I’m blind, so my nose tells me what neighborhood I’m in.
My dog and I – we walk. We’ll walk from 125th down to Houston. The smell of Harlem is definitely different now. It’s more open. There’s a new class of people. The whole thing feels like someplace else. — The Guardian
To navigate a vast city, people often develop a set of idiosyncratic markers: personal landmarks, favorite coffee joints, or in Craig Taylor's case, the smell of a particular section of town. Should designers start thinking in terms of creating signature scents to help identify their work for a...
Many people view GPS and similar emerging interior-wayfnding technologies as a way to 'solve the blind wayfnding challenge.'...Architects still need to be better multisensory placemakers to design and create effective environments for the blind and visually impaired. — Dwell
Chris Downey, whose story as a blind practicing architect was recently documented in the AIA's "Look Up" campaign this past May, dishes in on his own experiences with embossing printers, wayfinding devices, and graphic input tools, and other emerging technologies that have the potential to vastly...
Enter Cities Unlocked, a project intended to help people with sight loss navigate cities. The brainchild of a blind Microsoft employee, it uses GPS, a 3D audio headset, and Bluetooth beacons, among other technologies. [...]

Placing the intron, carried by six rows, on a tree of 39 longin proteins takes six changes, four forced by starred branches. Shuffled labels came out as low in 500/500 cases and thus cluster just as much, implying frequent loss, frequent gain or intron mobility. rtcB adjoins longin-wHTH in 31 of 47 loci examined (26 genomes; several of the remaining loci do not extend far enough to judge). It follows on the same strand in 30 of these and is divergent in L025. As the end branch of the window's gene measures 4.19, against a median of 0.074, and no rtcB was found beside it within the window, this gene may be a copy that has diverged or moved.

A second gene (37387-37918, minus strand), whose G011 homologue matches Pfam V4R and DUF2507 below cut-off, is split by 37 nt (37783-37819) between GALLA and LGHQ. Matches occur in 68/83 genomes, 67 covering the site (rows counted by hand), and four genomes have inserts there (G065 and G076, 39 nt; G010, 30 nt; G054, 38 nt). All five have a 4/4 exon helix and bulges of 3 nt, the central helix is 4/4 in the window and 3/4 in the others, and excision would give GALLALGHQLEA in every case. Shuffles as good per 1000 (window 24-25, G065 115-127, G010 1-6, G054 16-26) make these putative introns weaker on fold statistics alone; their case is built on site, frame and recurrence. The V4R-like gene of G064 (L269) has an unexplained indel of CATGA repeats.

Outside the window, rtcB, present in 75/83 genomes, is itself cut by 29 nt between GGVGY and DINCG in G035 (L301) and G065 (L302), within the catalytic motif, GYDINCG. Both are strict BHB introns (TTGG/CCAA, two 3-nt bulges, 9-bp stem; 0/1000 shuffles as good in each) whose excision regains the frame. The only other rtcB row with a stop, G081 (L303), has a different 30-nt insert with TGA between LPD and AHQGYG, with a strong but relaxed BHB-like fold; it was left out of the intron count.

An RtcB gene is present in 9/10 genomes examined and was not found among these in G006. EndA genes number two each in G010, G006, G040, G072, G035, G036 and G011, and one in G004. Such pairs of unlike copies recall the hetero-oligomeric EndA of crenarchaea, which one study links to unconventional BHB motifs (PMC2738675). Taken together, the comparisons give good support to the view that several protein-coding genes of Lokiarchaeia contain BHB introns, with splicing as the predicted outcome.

“I’m a blind person, I need to keep my ears open,” she says. The headset uses bone-conducting technology, in which vibrations create a “3D soundscape” around the user. — nextcity.org
The absence of these rules can frustrate the newly sighted, whose visual world can be both blurry and two-dimensional—paintings and people are often described as “flat, with dark patches”; a far-away house is “nearby, but requiring the taking of a lot of steps”; streetlights seen through glass are “luminous stains stuck to the window”; sunbeams through tree branches collapse into a single “tree with all the lights in it. — New Yorker
Downey needed something tactile to work with, and he found it in a kids' toy. Spread out before him on the table are stacks of embossed plans ... marked up with brightly colored wax sticks. [...]
The sticks warm to the touch and bend easily; they can make precise angles, and—crucially for Downey—their tackiness makes them stick to paper. "Once I realized that, I thought, 'Oh, I could use that to draw on top of an embossed drawing.'" Suddenly, he had a way not just to read, but to make. — sf.curbed.com
After Chris Downey, of Piedmont, lost his sight, rather than change careers, he stayed with architecture. Now, with the help of a white cane and drawings that have raised figures, Downey plans buildings for the blind. -- SF Gate
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